This request was an entreaty for official sanction of its existence. British law newly introduced into Malaya (Land Enactment 1903) had mandated that houses could be erected only in areas gazetted as towns and villages and placed under the jurisdiction of a Sanitary Board. Under the 1899 Mining Enactment, only temporary accommodation for mining workers in the form of bangsals or wooden sheds could be erected on mining land. The many shophouses serving new mining districts, which were necessarily built on such land, were hence ‘illegal’ constructions and their owners ‘squatters’ according to the enactments.

There was a strong antipathy in the British official mind towards such spontaneously evolved ‘purely Chinese villages’, whose main offence was, officially, their invariably vile sanitation. Rather than confer Sanitary Board status on the existing village, as requested by the Captain China, it was proposed to abandon the settlement altogether and establish a new gazetted village on land next to the newly built railway station. A government road, bypassing the old road and houses, would be built to link the new village and railway station to Kuala Lumpur (ARKIB, 1901).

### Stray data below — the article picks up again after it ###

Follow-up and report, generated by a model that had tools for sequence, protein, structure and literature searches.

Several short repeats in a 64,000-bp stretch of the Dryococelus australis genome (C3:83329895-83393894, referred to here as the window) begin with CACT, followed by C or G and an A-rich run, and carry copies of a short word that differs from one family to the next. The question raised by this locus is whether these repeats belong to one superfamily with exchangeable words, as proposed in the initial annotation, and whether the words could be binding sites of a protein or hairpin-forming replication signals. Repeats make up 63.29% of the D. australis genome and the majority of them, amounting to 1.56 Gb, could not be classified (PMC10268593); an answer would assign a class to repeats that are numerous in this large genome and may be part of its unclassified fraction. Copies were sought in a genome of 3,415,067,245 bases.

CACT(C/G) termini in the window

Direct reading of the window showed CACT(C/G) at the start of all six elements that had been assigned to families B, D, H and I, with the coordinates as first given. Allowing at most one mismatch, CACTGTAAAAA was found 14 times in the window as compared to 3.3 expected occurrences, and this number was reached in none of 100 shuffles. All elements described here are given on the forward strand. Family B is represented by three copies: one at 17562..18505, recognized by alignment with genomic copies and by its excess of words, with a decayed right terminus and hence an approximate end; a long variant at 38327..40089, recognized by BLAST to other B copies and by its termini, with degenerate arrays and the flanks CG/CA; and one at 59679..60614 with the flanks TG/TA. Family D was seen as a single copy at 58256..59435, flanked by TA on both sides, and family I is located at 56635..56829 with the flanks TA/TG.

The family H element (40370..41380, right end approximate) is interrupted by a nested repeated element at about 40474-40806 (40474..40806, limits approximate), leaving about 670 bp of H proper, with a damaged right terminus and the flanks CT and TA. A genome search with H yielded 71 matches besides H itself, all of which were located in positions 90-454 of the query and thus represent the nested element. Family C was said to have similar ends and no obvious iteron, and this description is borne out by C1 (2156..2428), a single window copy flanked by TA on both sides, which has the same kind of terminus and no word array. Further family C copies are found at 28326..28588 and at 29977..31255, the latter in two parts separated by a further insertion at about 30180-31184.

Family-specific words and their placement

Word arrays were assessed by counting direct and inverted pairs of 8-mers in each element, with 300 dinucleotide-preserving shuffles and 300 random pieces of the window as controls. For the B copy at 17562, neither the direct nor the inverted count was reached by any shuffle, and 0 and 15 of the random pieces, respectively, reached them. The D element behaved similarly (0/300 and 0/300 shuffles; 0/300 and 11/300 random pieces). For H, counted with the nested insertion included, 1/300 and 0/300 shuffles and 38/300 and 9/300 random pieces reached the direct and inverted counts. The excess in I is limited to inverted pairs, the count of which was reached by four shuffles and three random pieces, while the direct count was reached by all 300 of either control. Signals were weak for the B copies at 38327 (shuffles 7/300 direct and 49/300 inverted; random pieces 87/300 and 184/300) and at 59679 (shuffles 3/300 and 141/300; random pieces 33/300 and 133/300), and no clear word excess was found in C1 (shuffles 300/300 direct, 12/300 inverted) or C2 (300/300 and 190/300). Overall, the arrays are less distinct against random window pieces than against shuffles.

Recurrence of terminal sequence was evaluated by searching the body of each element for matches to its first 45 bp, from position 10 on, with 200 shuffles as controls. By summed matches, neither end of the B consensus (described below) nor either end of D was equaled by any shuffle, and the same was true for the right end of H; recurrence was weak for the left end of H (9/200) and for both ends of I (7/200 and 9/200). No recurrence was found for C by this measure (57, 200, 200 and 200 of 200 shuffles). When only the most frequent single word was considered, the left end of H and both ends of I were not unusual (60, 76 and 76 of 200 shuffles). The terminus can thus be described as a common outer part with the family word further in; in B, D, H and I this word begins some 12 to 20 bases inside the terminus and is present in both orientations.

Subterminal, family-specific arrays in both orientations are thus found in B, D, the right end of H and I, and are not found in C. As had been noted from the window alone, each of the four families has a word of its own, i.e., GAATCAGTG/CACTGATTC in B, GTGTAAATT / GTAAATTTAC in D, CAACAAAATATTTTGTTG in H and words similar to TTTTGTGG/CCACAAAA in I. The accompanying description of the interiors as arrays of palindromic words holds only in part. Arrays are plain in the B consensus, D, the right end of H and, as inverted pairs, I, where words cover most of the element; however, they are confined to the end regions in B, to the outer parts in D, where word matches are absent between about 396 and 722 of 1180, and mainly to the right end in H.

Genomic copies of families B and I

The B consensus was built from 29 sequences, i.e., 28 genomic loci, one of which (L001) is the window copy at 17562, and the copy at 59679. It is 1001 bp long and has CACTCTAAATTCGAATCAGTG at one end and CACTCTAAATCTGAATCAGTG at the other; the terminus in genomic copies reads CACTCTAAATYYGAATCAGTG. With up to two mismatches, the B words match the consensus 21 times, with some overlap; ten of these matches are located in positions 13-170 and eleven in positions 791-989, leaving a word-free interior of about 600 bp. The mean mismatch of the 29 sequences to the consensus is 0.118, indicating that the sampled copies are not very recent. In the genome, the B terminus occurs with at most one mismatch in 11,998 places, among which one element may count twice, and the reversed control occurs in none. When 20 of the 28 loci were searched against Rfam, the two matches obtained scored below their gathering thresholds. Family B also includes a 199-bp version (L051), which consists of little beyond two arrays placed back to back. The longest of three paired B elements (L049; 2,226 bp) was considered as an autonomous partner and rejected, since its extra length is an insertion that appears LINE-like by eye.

Hearing of this plan, in April of 1902 (Yap Kwan Seng had passed away in January 1902), the owners of the Kepong shophouses responded with a petition ‘against the removal of the village of Kepong to the vicinity of the railway station’. They pleaded against such a move, on the grounds that:

‘The business of Kepong Village depends solely on the mines in the vicinity … and on the people plying to and from Kuala Lumpur, who travel by carriage and rickshaws on the road that lead directly from the present village. In the proposed village, there are hardly any mines. … Very few people would think of going so much out of the way to travel by train’ (ARKIB, 1902).